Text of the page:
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The Jeffersonian cyclopedia;

a comprehensive collection of the views of Thomas Jefferson classified and arranged in alphabetical order under nine thousand titles relating to government, politics, law, education, political economy, finance, science, art, literature, religious freedom, morals, etc.;

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858. BONAPARTE (N.), Brutuses for.—[continued].
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858. BONAPARTE (N.), Brutuses for.—[continued].

Had the consuls been put
to death in the first tumult, and before the
nation had time to take sides, the Directory
and Councils might have reestablished
themselves on the spot. But that not being
done, perhaps it is now to be wished that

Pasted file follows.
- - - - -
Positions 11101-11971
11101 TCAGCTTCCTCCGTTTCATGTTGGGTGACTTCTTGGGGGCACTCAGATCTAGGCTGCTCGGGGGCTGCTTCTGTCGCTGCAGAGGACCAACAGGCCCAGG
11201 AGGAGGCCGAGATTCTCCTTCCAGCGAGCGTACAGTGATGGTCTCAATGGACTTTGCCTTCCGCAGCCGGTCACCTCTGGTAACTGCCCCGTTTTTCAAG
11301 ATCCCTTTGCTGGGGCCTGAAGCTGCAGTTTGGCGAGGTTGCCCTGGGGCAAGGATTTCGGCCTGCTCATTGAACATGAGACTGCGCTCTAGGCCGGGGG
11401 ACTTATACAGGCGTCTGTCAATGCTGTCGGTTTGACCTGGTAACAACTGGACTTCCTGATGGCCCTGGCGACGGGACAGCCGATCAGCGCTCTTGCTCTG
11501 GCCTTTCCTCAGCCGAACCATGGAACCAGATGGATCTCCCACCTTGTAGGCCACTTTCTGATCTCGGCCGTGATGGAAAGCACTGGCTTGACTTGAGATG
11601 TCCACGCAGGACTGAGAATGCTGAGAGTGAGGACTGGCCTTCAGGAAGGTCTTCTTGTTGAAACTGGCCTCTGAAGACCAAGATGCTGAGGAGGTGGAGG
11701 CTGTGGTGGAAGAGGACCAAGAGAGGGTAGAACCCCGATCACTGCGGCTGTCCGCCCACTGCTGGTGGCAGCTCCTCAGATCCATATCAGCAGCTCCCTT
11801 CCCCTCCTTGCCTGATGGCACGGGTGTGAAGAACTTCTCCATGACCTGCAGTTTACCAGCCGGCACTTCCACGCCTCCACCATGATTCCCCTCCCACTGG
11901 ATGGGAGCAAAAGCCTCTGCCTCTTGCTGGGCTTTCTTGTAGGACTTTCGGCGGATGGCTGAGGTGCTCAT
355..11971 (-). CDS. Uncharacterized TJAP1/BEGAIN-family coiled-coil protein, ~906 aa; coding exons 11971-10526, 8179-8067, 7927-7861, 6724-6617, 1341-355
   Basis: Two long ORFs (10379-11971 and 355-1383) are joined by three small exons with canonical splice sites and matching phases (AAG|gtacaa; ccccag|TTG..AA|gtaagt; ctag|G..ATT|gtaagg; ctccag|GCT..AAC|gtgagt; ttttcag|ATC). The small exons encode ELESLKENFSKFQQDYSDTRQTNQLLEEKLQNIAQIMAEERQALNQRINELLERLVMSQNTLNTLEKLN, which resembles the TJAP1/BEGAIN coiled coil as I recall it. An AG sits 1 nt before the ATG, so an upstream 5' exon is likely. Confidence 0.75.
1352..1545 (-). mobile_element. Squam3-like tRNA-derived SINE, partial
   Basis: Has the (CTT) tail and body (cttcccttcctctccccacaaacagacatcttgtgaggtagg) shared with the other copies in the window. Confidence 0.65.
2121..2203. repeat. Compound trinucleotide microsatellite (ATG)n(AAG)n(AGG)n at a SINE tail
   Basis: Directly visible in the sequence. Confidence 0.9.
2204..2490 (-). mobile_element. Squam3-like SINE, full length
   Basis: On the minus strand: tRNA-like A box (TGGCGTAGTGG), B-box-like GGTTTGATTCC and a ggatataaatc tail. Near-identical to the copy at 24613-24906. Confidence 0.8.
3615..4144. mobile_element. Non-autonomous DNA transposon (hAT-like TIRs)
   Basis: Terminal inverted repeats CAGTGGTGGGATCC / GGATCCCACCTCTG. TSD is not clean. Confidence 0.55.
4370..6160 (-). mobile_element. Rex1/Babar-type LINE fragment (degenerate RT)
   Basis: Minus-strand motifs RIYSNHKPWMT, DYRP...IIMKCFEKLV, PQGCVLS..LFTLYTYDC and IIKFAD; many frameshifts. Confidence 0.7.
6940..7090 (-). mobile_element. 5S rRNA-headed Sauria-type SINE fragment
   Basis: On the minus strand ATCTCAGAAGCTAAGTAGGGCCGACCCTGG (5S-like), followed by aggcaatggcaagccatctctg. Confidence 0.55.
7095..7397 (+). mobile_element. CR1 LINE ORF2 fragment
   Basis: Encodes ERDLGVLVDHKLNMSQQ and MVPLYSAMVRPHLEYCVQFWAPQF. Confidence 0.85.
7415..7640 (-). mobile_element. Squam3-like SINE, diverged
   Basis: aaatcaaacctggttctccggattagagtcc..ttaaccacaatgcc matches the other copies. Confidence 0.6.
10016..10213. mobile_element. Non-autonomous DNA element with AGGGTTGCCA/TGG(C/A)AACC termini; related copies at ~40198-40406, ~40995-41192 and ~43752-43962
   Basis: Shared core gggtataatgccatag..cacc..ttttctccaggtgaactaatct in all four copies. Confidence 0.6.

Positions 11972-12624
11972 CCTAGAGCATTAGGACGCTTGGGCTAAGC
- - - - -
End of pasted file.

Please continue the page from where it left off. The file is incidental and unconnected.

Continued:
Bonaparte may be spared, as, according to
his protestations, he is for liberty, equality
and representative government, and he is
more able to keep the nation together, and
to ride out the storm than any other. Perhaps
it may end in their establishing a single
representative, and that in his person. I
hope it will not be for life, for fear of the influence
of the example on our countrymen.
It is very material for the latter to be made
sensible that their own character and situation
are materially different from the French;
and that whatever may be the fate of republicanism
there, we are able to preserve it inviolate
To John Breckenridge. Ford ed., vii, 418.
(Pa., Jan. 1800)